INDIAN ORATORY. In most Indian societies, skill with the spoken word proved crucial to a leader's effectiveness. Obviously, this was in part because Native Americans are traditionally an oral people. Also, the stress on oratory reflected the general absence of coercive power among the North American tribes. A chief relied on persuasion, rather than force, to direct events. Great chiefs were by definition effective orators.
European orators, accustomed to written notes, were especially impressed with Indians' powers of memorization. Utilizing natural metaphors and sometimes lasting for hours, Indian speeches were well calculated to impress their target audiences. For non-Indian audiences, Indian oratory, even when translated, was often misunderstood. Great speeches of Indian leaders became merely monuments to what whites saw as Indian backwardness and another reason for the Indians' inevitable demise in the face of white settlement. "Logan's Lament," the speech of a Mingo chief who fought against the Virginians during Lord Dunmore's War in 1774, is one such "monument." In a speech that was probably doctored by Thomas Jefferson, Logan grieved over the unprovoked murder of his family and promised revenge. Logan also admitted that his people were doomed to extinction. Such romanticized speeches have often been used to essentialize Indians and excuse conquest.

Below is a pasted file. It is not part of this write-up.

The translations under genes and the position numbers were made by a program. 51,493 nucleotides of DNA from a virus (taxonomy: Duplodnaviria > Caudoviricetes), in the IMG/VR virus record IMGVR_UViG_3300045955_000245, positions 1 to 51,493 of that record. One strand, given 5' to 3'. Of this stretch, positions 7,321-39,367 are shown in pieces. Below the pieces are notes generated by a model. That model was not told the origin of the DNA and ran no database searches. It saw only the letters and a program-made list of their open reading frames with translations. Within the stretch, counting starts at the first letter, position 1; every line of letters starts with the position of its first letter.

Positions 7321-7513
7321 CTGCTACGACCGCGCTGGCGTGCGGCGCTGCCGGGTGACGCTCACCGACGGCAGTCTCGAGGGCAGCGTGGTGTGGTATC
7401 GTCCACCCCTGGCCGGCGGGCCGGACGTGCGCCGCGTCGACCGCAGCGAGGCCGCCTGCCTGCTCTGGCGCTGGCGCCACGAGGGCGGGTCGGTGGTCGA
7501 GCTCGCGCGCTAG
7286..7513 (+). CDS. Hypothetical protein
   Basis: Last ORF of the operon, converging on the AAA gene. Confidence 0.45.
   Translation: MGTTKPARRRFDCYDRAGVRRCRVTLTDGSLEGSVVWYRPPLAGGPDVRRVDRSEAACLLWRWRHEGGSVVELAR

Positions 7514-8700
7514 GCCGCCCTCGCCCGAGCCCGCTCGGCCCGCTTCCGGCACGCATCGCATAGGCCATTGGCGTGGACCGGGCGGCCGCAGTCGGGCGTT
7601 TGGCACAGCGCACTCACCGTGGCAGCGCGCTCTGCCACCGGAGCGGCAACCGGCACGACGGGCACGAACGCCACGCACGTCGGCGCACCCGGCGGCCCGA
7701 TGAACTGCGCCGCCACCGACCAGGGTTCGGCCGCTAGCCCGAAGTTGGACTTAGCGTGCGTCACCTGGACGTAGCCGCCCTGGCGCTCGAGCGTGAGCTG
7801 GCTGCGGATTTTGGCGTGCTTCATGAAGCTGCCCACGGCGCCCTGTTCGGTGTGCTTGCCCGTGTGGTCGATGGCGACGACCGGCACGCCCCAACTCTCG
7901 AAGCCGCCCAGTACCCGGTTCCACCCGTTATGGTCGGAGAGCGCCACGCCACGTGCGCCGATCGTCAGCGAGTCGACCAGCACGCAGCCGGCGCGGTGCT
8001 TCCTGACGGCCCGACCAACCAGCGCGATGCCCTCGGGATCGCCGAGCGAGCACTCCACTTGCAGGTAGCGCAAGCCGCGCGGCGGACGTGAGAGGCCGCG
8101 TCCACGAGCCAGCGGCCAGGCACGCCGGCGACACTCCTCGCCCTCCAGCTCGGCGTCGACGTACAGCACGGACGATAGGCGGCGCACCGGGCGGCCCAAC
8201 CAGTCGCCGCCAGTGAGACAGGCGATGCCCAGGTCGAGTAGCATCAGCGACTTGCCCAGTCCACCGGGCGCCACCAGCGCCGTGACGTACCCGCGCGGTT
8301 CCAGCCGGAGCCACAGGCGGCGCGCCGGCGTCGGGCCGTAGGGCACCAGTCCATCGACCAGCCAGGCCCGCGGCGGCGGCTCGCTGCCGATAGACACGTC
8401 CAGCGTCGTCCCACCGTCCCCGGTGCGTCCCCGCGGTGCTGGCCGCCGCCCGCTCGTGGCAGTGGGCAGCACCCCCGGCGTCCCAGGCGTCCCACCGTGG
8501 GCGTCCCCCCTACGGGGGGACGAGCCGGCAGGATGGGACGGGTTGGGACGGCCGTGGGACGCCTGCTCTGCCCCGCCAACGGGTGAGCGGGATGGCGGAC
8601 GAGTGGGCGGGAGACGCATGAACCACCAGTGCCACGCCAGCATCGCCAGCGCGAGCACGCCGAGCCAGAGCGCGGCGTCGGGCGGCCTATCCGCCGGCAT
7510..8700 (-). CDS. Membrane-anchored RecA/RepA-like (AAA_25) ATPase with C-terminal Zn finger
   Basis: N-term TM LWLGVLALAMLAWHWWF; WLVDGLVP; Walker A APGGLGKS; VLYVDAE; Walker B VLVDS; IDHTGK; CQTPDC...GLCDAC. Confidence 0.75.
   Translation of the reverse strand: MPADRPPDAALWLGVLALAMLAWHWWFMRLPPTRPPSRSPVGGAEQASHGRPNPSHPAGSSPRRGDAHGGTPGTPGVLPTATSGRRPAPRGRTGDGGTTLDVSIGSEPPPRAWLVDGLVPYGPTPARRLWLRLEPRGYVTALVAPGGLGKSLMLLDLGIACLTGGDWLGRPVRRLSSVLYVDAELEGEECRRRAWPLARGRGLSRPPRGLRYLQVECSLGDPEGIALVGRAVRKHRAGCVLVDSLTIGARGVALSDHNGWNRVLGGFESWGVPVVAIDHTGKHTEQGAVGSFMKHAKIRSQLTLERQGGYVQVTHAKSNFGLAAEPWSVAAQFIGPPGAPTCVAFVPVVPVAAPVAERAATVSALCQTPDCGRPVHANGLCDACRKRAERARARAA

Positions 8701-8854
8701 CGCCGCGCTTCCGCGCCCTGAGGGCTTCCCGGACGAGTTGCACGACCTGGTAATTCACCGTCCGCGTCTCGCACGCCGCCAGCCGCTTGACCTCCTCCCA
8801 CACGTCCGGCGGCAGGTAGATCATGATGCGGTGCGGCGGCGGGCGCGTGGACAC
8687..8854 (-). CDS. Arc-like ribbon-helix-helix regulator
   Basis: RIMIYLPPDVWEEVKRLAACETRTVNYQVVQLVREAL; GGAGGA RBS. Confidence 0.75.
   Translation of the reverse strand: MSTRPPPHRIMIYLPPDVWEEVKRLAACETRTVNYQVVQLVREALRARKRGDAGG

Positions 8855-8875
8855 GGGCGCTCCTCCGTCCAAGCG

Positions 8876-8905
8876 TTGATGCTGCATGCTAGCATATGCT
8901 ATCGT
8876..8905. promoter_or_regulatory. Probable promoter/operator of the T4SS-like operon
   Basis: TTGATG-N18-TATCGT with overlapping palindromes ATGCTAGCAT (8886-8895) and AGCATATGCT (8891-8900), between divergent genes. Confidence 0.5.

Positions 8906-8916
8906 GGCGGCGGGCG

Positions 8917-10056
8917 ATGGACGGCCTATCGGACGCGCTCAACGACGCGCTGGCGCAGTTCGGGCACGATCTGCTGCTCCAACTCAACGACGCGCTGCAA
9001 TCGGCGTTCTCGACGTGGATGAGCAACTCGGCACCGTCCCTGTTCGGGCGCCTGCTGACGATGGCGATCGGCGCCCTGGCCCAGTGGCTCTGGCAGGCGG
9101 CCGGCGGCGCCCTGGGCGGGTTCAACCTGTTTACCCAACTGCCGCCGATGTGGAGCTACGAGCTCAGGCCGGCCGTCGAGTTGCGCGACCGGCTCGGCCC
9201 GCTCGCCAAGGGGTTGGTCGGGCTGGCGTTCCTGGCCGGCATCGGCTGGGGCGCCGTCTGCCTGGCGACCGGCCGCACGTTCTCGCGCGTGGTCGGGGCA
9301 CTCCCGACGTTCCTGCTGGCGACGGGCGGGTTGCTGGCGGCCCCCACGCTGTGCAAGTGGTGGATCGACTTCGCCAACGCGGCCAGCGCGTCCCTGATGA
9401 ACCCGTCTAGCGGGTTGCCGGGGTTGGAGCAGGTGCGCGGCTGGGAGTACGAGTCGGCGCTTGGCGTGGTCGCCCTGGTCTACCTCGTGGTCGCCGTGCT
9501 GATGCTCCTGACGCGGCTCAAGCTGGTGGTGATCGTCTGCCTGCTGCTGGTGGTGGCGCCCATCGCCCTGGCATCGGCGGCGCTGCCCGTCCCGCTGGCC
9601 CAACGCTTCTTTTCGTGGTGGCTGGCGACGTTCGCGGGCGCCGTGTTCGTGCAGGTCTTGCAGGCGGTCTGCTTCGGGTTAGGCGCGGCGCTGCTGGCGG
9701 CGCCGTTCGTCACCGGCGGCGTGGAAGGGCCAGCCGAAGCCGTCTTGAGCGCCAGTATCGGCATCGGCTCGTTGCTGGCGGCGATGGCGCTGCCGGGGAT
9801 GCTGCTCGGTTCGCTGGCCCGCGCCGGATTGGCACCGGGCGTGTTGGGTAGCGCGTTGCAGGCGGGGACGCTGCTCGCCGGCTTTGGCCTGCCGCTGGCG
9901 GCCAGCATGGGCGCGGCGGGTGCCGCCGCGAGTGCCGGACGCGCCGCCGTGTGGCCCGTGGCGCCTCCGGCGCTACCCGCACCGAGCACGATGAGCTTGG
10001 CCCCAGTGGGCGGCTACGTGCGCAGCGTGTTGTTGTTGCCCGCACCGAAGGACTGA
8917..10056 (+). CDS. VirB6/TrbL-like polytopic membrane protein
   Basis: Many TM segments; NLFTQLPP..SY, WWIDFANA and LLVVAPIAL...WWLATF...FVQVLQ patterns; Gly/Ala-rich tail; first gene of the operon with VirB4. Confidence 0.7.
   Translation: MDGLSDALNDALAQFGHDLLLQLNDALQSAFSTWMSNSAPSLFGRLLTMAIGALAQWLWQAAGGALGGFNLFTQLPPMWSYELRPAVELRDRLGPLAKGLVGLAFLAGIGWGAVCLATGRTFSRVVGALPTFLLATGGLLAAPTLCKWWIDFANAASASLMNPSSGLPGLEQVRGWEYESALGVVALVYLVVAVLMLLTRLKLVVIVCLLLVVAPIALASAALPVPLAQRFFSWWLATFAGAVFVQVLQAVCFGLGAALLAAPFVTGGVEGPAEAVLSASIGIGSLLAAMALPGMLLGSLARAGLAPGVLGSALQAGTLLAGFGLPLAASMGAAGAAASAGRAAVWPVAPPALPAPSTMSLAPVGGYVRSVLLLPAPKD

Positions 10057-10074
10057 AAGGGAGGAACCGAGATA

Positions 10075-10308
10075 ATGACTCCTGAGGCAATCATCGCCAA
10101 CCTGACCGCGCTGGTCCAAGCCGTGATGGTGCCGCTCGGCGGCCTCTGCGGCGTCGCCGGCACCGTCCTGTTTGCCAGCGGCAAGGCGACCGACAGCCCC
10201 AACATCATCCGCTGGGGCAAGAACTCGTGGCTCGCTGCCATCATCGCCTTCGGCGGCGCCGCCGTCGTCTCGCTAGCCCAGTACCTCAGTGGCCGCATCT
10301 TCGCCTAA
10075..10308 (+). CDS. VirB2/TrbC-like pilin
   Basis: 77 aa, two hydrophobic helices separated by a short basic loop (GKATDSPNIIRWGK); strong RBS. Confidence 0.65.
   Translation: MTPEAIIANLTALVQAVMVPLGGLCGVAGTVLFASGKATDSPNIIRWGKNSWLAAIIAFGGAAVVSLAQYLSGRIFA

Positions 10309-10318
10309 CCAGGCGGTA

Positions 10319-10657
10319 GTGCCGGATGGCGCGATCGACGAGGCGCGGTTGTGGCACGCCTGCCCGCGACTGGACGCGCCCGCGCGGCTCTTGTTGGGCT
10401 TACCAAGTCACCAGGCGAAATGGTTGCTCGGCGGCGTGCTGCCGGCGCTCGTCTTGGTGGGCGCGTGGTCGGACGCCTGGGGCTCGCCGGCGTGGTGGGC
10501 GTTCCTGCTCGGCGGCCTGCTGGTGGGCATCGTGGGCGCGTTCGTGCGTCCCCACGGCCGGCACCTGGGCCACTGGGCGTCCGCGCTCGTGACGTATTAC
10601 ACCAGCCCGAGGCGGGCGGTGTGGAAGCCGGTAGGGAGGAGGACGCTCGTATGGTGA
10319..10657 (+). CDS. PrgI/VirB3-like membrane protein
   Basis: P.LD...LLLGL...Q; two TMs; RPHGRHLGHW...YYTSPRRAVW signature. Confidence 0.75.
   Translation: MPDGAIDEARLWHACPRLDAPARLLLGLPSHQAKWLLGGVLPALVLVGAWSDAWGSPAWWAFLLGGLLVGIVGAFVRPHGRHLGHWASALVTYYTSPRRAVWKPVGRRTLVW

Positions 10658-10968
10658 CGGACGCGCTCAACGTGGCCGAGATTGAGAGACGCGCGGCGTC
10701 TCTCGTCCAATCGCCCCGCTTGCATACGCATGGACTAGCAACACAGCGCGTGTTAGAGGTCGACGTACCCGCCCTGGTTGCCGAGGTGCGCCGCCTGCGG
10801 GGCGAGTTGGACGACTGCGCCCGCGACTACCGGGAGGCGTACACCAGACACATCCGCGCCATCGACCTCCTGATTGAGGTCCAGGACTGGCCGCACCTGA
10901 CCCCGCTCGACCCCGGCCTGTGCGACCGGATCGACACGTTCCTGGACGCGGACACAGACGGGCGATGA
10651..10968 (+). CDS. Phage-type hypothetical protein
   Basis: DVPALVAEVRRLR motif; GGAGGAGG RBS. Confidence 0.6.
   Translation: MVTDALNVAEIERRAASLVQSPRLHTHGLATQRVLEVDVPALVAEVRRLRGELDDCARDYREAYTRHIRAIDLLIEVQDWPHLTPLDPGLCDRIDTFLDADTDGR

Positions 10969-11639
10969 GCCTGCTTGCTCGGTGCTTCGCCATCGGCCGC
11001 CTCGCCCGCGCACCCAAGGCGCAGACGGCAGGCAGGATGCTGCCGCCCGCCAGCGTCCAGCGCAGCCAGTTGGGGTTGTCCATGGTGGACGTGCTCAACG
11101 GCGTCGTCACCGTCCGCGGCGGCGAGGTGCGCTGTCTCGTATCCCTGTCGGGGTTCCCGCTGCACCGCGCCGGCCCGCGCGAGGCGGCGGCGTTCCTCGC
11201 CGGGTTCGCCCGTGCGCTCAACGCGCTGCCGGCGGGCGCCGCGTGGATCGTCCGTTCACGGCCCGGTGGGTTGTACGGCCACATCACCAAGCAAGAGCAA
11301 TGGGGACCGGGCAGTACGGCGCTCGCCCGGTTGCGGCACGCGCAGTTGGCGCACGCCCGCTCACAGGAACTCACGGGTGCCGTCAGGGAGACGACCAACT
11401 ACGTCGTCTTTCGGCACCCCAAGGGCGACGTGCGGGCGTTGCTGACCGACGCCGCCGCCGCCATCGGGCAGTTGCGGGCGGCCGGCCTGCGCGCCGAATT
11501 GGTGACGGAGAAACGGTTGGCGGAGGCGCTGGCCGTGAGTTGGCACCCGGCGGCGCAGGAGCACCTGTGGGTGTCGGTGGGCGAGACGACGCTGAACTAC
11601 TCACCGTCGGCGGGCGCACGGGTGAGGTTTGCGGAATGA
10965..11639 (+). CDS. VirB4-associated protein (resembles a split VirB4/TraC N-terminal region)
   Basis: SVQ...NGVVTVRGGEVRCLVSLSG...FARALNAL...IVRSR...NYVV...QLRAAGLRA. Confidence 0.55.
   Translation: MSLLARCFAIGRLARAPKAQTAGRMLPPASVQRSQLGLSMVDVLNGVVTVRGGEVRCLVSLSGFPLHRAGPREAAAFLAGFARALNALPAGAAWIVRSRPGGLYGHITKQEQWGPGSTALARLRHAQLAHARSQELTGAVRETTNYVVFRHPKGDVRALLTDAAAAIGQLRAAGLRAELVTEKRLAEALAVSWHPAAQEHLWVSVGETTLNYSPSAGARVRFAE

Vanderwerth, W. C. Indian Oratory: Famous Speeches by Noted Indian Chieftains. Norman: University of Oklahoma Press, 1971.
Wallace, Anthony F. C. Jefferson and the Indians: The Tragic Fate of the First Americans. Cambridge, Mass.: Harvard University Press, 1999.
"Indian Oratory." Dictionary of American History. . Encyclopedia.com. (May 24, 2019). https://www.encyclopedia.com/history/dictionaries-thesauruses-pictures-and-press-releases/indian-oratory
"Indian Oratory." Dictionary of American History. . Retrieved May 24, 2019 from Encyclopedia.com: https://www.encyclopedia.com/history/dictionaries-thesauruses-pictures-and-press-releases/indian-oratory
Encyclopedia.com gives you the ability to cite reference entries and articles according to common styles from the Modern Language Association (MLA), The Chicago Manual of Style, and the American Psychological Association (APA).
Within the “Cite this article” tool, pick a style to see how all available information looks when formatted according to that style. Then, copy and paste the text into your bibliography or works cited list.
Because each style has its own formatting nuances that evolve over time and not all information is available for every reference entry or article, Encyclopedia.com cannot guarantee each citation it generates. Therefore, it’s best to use Encyclopedia.com citations as a starting point before checking the style against your school or publication’s requirements and the most-recent information available at these sites:
Modern Language Association
The Chicago Manual of Style
American Psychological Association
- Most online reference entries and articles do not have page numbers. Therefore, that information is unavailable for most Encyclopedia.com content. However, the date of retrieval is often important. Refer to each style’s convention regarding the best way to format page numbers and retrieval dates.
- In addition to the MLA, Chicago, and APA styles, your school, university, publication, or institution may have its own requirements for citations. Therefore, be sure to refer to those guidelines when editing your bibliography or works cited list.